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It was first thing in the morning and he came into my office with hesitation and reluctance.  It was clear to me that showing up at that ungodly hour was the last place this 14-year-old boy wanted to be.  His coming to see me was not his choice; just like his mother's wedding he'd been a groomsman in seven months earlier.

He sat on my couch, his discomfort apparent as he shifted his weight nervously from side to side, trying to adjust to the new surroundings and to me, a woman who was a complete stranger to him.  

He surprised himself by opening up quickly.  His words spilled out, landing on top of each other, words that had been suppressed for far too long.

When he was five, his father had been killed by a drunk driver.   Memories of him had been diluted with time, but they were clear enough to remember the Dad he loved and still missed.

His mother had met a man only a year before...a man with two daughters and a son.  The man's son was the exact same age as him.  They had nothing in common.

His home had been sold, the home that was the preserver of the memories of his father, the home that gave him comfort on those quiet early mornings where he swore he could hear the sound of his father's voice declaring that another great day was yet to be had.  

The new home was big enough, he didn't want to complain, and he had a room of his own. But his mother's new husband had lugged all three of his children with him and the boy felt like an extra, an outsider, a P.S.

His older brothers had moved on to the adventures of college and he had felt abandoned to navigate the wilderness of his new home and new life.

His eyes betrayed his feelings of powerlessness as he leaned towards me, his hands nervously outlining the edges of his well-worn baseball cap.  He mumbled, "I don't want to seem ungrateful, I really don’t, but nobody asked me."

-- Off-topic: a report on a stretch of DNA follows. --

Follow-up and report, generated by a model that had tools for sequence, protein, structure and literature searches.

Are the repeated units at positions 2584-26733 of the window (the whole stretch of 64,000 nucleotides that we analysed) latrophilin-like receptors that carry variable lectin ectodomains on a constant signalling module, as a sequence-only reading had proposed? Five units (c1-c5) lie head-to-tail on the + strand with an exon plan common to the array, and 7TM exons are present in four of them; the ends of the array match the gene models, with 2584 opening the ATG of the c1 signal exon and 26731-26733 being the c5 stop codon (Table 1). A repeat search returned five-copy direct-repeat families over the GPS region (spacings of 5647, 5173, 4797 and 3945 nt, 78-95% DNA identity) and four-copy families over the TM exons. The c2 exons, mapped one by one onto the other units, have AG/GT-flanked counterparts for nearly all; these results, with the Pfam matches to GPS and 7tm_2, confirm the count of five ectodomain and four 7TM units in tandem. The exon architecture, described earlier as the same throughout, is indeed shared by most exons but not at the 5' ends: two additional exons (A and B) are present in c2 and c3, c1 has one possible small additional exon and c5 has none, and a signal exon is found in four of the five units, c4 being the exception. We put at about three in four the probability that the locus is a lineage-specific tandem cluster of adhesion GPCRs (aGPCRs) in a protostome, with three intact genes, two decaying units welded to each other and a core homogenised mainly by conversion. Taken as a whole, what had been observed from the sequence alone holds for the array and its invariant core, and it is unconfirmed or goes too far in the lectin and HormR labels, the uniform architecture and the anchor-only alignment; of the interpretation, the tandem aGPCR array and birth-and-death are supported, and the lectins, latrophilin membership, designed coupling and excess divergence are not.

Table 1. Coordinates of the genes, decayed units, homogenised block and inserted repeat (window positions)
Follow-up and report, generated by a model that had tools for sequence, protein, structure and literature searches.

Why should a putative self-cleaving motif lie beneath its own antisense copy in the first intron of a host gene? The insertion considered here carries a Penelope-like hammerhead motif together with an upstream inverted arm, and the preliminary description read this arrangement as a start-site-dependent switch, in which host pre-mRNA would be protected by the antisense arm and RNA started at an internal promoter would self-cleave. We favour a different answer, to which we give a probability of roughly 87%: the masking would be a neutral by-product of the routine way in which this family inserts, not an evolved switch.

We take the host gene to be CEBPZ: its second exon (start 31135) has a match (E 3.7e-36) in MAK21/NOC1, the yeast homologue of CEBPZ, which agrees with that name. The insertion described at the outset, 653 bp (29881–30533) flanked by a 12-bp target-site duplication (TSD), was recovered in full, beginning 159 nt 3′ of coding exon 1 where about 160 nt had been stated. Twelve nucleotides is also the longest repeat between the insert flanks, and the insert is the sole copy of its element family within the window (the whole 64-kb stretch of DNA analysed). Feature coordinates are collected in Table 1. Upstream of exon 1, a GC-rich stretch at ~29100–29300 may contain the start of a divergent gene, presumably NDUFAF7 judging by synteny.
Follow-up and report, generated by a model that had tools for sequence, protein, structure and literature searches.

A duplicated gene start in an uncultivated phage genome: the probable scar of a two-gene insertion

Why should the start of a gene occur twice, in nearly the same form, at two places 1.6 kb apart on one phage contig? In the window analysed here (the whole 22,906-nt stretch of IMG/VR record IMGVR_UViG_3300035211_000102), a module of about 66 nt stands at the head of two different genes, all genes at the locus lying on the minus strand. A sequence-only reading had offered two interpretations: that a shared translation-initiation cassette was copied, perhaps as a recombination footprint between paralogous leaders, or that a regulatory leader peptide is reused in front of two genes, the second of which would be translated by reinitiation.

Nobody asked me.  His muted pronouncement sounded like a glaring indictment.

 "I resent how my stepdad comes into my room without asking.  I hate how he tells me he loves me.  I hate how he insists on weekly "family" meetings.  He's not my family and neither are his children".

I was impressed with the boy's ability to describe how he felt at such an awkward age.  I was impressed with the earnestness in which the boy spoke.  I was impressed with the boy, an honor student, an excellent athlete, well liked by all...the boy who had had the rug pulled out from under him for yet another time in his young life.

I nodded in agreement as I listened to him.  And I wasn't surprised.  When his mother and her then-boyfriend had told me during a session several months earlier of their plans to wed and "blend" their families, I could see the big red warning sign illuminate my office.

They were blind to it.  They were innocent and overcome with the hope that the pain of the man's divorce and the horrendous loss of the woman's husband were going to disappear with the merging of their families.

"We are going to be one big family and it's going to be wonderful!" they both exclaimed.  "Our children get along so well!"  They joked about being the next Brady Bunch.
I worried that I was becoming a cynic but I had seen this scene played out in my office one too many times.